Railhead
by Reeve, Philip






When petty thief and railhead Zen Starling is hired to steal a small box from the Emperor's train, it soon becomes clear that the box may be the key to the secrets and danger that lurk within the Great Network of trains.





Zen Starling is a small-time thief who loves riding trains from planet to planet. Human life on Earth is ancient history, though from that time was born the now-mysterious technology that allows for rapid interstellar travel. So too came the godlike Guardians, beings of artificial intelligence that oversee the Network Empire. Reeve (Fever Crumb, 2010) carefully builds his world, balancing the plot's action with politics, history, and inventive technologies-such as living bio-buildings, Motorik androids, and sentient trains. Zen unexpectedly finds himself involved in an elaborate theft when he is recruited to steal an object from Emperor Noon's train by an enigmatic figure named Raven. When the heist hits a snag, the repercussions and ensuing dangers outstrip anything Zen imagined. Refreshingly, dark-skinned people populate this sf world, and the rise of thoughtful, intelligent machinery throws the definition of humanity into question; Reeve's conflation of religion and science may also stir debate. These meatier topics act as counterpoints to Zen's exciting exploits, all of which come together at the threshold of a new universe and fresh beginning. Copyright 2014 Booklist Reviews.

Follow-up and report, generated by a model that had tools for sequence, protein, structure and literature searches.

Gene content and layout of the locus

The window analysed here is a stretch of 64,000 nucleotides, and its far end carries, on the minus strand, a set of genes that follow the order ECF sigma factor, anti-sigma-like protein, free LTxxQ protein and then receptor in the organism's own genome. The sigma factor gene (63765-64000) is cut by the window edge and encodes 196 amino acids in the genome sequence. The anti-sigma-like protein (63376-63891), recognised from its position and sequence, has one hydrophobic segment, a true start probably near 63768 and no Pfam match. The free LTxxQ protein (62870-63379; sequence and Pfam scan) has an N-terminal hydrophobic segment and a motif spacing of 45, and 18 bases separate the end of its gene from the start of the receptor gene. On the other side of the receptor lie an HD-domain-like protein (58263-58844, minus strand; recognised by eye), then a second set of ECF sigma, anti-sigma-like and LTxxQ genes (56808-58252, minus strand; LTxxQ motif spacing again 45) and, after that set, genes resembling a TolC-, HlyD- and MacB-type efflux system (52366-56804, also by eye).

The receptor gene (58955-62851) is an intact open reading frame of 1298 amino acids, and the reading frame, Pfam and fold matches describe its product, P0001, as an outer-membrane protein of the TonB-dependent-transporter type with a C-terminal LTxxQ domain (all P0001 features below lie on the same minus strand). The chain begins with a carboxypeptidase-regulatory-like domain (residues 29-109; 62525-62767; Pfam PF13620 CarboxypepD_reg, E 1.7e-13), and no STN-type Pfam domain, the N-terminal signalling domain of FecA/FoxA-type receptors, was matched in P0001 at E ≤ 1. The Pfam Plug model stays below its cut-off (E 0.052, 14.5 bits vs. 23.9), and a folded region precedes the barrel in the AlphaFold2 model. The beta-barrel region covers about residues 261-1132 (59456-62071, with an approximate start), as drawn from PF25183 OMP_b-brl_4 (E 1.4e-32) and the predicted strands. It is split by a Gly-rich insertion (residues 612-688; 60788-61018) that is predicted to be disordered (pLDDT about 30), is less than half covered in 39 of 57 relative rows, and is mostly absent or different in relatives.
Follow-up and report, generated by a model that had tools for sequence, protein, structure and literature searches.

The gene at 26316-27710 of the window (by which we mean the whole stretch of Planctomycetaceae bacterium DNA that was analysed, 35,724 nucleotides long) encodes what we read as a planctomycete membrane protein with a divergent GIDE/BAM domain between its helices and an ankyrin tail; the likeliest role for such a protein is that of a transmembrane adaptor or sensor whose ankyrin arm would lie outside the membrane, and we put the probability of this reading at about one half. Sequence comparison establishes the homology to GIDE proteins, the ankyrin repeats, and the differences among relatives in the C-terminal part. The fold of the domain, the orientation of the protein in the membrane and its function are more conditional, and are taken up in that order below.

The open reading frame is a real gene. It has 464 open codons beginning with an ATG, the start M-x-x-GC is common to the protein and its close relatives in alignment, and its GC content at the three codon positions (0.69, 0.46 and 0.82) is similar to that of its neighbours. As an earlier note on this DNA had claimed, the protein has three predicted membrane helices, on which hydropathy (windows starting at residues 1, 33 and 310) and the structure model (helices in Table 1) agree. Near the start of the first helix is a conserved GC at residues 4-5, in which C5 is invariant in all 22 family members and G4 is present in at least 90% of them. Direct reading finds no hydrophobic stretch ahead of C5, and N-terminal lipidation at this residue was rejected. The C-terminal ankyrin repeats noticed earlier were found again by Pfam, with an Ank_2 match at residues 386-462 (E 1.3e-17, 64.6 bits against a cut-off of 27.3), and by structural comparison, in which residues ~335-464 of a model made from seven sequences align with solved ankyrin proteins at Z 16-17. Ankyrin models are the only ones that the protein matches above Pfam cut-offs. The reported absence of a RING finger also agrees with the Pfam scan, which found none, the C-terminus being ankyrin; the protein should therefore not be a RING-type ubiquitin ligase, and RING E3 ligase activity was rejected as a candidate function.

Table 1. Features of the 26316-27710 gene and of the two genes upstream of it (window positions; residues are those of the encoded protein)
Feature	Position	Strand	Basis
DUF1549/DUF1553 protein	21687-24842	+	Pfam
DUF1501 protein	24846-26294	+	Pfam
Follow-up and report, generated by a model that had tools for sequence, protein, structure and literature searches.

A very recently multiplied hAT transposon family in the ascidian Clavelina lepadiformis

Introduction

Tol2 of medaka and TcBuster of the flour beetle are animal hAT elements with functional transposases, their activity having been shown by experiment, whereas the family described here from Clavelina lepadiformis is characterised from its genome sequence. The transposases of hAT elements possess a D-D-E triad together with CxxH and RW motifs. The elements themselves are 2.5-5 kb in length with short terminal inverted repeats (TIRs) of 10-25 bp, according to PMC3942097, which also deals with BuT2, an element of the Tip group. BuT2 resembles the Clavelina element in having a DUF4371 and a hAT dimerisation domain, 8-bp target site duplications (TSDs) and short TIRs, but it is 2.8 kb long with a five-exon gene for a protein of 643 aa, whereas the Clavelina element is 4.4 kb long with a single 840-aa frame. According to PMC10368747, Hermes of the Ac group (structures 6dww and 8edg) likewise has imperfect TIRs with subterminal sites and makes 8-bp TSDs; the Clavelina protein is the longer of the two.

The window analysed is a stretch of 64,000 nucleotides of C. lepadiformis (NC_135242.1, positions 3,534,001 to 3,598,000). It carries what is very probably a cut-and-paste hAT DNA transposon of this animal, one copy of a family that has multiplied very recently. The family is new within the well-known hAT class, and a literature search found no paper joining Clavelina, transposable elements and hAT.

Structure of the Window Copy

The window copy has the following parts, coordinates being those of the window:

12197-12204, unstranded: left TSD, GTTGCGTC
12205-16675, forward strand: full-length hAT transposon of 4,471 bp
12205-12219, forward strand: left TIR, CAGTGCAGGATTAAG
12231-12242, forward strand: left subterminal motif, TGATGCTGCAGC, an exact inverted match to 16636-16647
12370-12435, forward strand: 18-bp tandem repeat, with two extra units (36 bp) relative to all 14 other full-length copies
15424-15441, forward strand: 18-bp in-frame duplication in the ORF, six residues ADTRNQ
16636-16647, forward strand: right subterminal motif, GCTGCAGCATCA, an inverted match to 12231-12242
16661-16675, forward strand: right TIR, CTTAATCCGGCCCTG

Starlight Express meets Trainspotting—as run through Reeve's fertile imagination. Imagine: a world where solar systems are connected by mysterious train tracks. Onboard, you can rocket light-years in an instant, planet to planet, although some are mined-out wastelands and all are controlled by corporate families now that the Guardians—godlike Old Earth artificial intelligence—stay in the Datasea. Petty thief Zen Starling doesn't think much of Guardians or corporate families; he does what he needs to to support his family. But when Raven, a strange pale man in a world where shades of brown are the norm for humanity, recruits him, Zen (with Motorik companion Nova, upgraded into an individual) finds himself impersonating a member of the Emperor's family, stealing an ancient treasure, and possibly inciting world war. Reeve's writing never flags, with moments of pathos and magic seamlessly interwoven. Dozens of characters collide—the sentient trains; the M otorik; the Emperor's daughter Threnody and her boring but stalwart betrothed; Hive Monks; the Railforce agent who has tracked Raven across lifetimes—each one nearly as fascinating as the world Reeve has created (don't miss the glossary at the end). As he did with the Mortal Engines series, Reeve has crafted something at once weirdly familiar and marvelously original. Thank the stars there's at least one sequel planned already. (Science fiction. 12 & up) Copyright Kirkus 2016 Kirkus/BPI Communications. All rights reserved.






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